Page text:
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Young voters shaped the 2020 election. Can they do it again in 2024?

A new poll by 538 indicates that Biden and Trump are in a dead heat. That makes the edge that the youngest voters could give to either candidate that much more important. Divisive issues like Gaza and abortion may tip the scales and lure Gen Z to the polls.

Photo by Kari Sullivan via Unsplash

By Cameron Priester | MediaLab@FAU

Jun 19, 2024

After leaving their mark on both the 2020 and 2022 election cycles with near-record turnouts, young voters are ​expected to again have a tangible impact on the outcome of the 2024 presidential election.

In the 2020 election, President Joe Biden’s victory was boosted by a sweeping win over his opponent, former ​president Donald Trump, amongst young voters. Voters under the age of 30, according to the Pew Research ​Center, favored Biden over Trump by a whopping 24 percentage points in 2020 (Biden 59%, Trump 35%).

Biden’s victory in the first-time and young adult voter category was made all the more paramount by their ​huge turnout to the polls, which was a vast increase from 2016 and the highest young voter participation rate in ​decades. 

“I have said this multiple times and I’ll say it again: youth have, historically, not turned out,” said Jayden ​D’Onofrio, Chairman of the Florida Future Leaders PAC. “But that changed in 2018, that changed in 2020 ​and it changed in 2022.”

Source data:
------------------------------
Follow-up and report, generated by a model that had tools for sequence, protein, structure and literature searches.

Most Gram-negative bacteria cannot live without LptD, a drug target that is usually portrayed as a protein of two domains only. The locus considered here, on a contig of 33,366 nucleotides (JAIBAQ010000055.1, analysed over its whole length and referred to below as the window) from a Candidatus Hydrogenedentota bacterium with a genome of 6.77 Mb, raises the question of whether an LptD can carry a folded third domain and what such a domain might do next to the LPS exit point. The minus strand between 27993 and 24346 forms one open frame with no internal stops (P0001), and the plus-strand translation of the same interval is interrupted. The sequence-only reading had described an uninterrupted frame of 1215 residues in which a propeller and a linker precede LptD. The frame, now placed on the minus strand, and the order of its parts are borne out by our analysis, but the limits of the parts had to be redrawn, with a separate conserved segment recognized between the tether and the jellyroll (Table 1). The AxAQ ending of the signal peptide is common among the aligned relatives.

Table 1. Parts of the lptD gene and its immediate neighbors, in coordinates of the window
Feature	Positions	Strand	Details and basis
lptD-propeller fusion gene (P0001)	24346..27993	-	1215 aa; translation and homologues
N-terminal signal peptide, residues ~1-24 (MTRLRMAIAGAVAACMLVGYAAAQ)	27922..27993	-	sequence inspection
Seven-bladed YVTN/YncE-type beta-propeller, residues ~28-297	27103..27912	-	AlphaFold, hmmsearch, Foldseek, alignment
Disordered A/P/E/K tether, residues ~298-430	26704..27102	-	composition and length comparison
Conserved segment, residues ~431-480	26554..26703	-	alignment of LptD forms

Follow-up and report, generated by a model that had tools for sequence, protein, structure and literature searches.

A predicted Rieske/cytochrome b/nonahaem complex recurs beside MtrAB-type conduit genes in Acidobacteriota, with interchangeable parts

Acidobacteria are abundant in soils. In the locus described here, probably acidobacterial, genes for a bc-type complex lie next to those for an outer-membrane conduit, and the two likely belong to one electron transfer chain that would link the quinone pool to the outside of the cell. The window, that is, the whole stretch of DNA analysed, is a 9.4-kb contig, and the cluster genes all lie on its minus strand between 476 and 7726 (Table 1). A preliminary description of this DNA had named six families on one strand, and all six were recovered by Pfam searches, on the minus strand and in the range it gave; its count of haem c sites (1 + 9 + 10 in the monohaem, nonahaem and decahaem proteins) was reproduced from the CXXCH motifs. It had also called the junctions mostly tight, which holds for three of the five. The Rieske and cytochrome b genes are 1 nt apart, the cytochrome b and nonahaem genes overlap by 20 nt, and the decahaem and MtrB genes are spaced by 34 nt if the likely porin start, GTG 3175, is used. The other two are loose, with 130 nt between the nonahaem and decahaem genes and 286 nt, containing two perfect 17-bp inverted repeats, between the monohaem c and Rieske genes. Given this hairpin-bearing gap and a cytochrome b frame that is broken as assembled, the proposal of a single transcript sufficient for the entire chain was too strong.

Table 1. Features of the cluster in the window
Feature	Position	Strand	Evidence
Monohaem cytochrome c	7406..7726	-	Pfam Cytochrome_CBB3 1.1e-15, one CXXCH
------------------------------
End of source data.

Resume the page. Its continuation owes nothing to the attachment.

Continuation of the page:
More than half—an estimated 55%—of eligible voters aged 18 to 29 cast their ballots in the 2020 presidential ​election, according to Statista Research, a sharp uptick from the 44% turnout from that group in the most ​recent 2016 presidential election. That 55% in 2020 also marked the largest young voter turnout in over 40 ​years, the highest since 55.4% of 18- to 29-year-olds voted in the 1972 presidential election.

The momentum from 2020 rolled over to the midterm elections as young voters turned out to the polls at high ​rates. An estimated 23% of eligible voters aged 18 to 29 cast a ballot in the 2022 midterm elections, according ​to the Center for Information & Research on Civic Learning and Engagement (CIRCLE) at Tufts University.